Hare traces the events surrounding the suicide by going back and forth in time—from the arrival of the young stranger (Tim McInnerny), to the dinner party again, to the present, in which the schoolteacher (Vanessa Redgrave) in whose house he killed himself is trying to sort out the mystery. She is visited by a listless girl (Suzanna Hamilton) who knew the stranger at school, and by a police detective (Stuart Wilson) whose own life is not going so well.

There are also flashbacks to Redgrave’s 20-years-past love affair, which becomes more relevant as the film progresses (she is played in the flashbacks by Joely Richardson, the real-life daughter of Vanessa Redgrave). This failed romance has haunted the character ever since, and given her a common bond with the mysterious stranger: loneliness.

Hare draws all this with a delicate brush, and the film is as good to look at as it is to think about. Vanessa Redgrave is superb; she doesn’t hit a wrong note in the entire performance. Ian Holm, as usual, gives fine support, and Wilson is subtle in the unexpectedly touching role of the police officer.

The most disquieting performance is given by Tim McInnerny, in his first film role. His character, the suicide, is described as having “a blankness—a disfiguring blankness” that sums up his place in the world. McInnerny gives this character, through his acting abilities and through his unusual looks, a disturbing normalcy that sets the eerie tone for the rest of the movie.

First published in the Herald, October 22, 1985

An opening sequence that certainly puts its hooks into you. Hare keeps his hand in with movies, and directed that unsettling adaptation of The Designated Mourner.

Another Woman

December 7, 2011

Yes, the latest Woody Allen movie is one of his serious outings. No, it’s not as pregnant with (to use on old Allenism) heaviosity as Woody’s previous film, September. In fact, the new one, Another Woman, goes a long way toward erasing the memory of the studied, constricted seriousness of September.

Another Woman is narrated by its main character, a historian, Marion (Gena Rowlands), who is on sabbatical from her teaching position to write a new book. She takes a writing office in downtown Manhattan, which happens to be next door to a psychiatrist’s office. As the walls are thin, she can overhear voices, and one afternoon she begins to listen to the story of a profoundly unhappy woman (Mia Farrow).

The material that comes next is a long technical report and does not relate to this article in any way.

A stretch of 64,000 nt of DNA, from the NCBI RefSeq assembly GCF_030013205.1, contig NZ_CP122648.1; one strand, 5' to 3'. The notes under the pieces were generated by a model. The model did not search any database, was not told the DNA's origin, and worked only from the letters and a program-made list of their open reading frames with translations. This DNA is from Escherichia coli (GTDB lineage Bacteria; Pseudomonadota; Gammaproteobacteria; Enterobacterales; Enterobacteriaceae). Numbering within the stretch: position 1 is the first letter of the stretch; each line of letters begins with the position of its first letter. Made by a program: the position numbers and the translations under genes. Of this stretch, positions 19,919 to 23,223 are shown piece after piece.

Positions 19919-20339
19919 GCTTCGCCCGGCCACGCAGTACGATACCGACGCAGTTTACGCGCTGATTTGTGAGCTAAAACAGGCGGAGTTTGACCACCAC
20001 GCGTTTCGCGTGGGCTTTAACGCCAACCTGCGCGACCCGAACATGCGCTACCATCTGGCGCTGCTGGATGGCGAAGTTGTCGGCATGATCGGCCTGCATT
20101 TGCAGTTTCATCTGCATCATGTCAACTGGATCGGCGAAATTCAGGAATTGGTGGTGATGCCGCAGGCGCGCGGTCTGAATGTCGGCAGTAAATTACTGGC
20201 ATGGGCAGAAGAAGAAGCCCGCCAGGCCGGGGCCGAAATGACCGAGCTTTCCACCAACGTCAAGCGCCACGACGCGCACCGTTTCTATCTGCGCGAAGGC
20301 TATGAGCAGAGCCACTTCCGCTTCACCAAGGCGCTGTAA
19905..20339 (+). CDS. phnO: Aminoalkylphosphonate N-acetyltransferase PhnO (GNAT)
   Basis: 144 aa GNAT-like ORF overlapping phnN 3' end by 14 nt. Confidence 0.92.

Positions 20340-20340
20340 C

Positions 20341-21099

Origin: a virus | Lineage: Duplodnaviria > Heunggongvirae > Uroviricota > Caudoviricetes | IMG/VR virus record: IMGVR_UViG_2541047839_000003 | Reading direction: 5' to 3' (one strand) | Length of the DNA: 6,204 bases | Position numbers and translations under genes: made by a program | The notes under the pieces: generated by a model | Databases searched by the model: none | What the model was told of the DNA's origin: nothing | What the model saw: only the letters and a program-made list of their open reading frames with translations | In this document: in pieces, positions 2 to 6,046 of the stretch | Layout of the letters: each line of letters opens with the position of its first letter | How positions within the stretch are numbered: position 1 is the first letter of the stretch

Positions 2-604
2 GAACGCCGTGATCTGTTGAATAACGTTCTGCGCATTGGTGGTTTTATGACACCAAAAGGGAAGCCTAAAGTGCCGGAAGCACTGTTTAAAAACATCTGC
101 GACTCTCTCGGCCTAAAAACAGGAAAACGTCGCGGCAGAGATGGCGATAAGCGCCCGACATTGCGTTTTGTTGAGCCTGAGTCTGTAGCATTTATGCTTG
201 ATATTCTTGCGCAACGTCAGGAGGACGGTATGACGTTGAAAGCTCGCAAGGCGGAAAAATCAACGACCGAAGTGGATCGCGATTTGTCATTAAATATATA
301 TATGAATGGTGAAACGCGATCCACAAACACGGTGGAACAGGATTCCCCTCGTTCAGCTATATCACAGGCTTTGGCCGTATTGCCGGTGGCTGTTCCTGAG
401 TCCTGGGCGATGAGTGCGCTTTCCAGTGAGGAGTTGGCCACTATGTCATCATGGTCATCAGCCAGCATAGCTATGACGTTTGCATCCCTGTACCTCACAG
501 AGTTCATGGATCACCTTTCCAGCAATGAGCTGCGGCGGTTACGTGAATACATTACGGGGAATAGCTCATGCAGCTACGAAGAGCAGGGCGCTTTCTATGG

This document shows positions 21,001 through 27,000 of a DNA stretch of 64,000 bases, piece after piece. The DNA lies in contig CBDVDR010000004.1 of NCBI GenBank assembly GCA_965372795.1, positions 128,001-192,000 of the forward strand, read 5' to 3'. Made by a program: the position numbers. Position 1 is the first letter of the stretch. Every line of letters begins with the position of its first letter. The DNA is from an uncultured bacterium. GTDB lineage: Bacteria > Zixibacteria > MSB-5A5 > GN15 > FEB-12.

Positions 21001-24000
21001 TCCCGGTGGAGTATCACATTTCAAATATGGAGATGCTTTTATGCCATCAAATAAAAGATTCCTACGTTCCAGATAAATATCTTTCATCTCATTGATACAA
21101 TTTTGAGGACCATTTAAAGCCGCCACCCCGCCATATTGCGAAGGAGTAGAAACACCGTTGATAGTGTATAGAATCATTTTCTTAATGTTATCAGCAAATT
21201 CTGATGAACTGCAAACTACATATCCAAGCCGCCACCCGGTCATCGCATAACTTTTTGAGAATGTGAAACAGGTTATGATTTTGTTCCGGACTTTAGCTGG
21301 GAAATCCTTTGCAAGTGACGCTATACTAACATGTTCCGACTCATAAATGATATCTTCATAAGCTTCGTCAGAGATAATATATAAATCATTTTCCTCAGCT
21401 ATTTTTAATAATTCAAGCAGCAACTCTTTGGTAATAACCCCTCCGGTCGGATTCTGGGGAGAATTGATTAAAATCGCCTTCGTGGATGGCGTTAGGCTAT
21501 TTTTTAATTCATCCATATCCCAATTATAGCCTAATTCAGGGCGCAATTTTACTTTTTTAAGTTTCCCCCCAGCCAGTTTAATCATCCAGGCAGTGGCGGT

This causes Marion to reflect on her own life, which, the more she examines it, turns out to be rife with disappointment. This is a fascinating, and as it turns out, quite beautiful narrative device; at one point Marion actually runs into the unhappy patient and buys her supper, which leads to an important discovery. And, throughout, Marion’s narration on the soundtrack is like her own voice coming from the analyst’s couch, available for us to overhear.

Allen skips around in time, to show us Marion’s life as a promising child, her affair as a college student with a professor (Philip Bosco), a chance encounter with an old friend (Sandy Dennis) who brings up some unpleasant memories, and even into a fantasy sequence in which Marion plays scenes from her life on a stage.

At the center of her ruminations is her affair with a writer (Gene Hackman), which happened just before she entered into marriage with a detached and emotionally arid man (Ian Holm). The Hackman character represents the one great regret of her past, a promise of a life richer than the one she is living now. (He is in only three or four scenes, else Gene Hackman’s superb, heartbreaking performance would be an Oscar winner.)

Except for Hackman, and Holm’s teenage daughter, played by Martha Plimpton, the characters in Another Woman wander through an emotional desert, emphasized by the sameness of Santo Loquasto’s production design; everything is in dry shades of beige and khaki.

The film was photographed by Ingmar Bergman’s cinematographer, Sven Nykvist, and Allen has been accused of borrowing some of his ambitions and themes from Bergman’s films. In the New Republic, Stanley Kauffman actually called it plagiarism. That’s a bit much, but I do think that Another Woman is a bit shy (at less than 90 minutes) on background and detail; Allen asks us to accept a lot of faith. He frequently has his characters tell us his themes, rather than letting them emerge through action and behavior.

But no other American director is making movies quite like Woody Allen’s these days, movies that are deliberately about the way intelligent, thinking people talk and act, about the way they find each other and betray each other and love each other. Another Woman is not his best, but it has moments that are as tender as anything seen this year.

First published in the Herald, November 27, 1988

Another draft of this and Allen might have had an absolute gem instead of a very good picture. There are a handful of Woodys that are flawed but good enough to bear repeat viewing, which provide an opportunity to say: this is why Allen is a good director, and this is how he falls short of the next rung. Another Woman is one of those.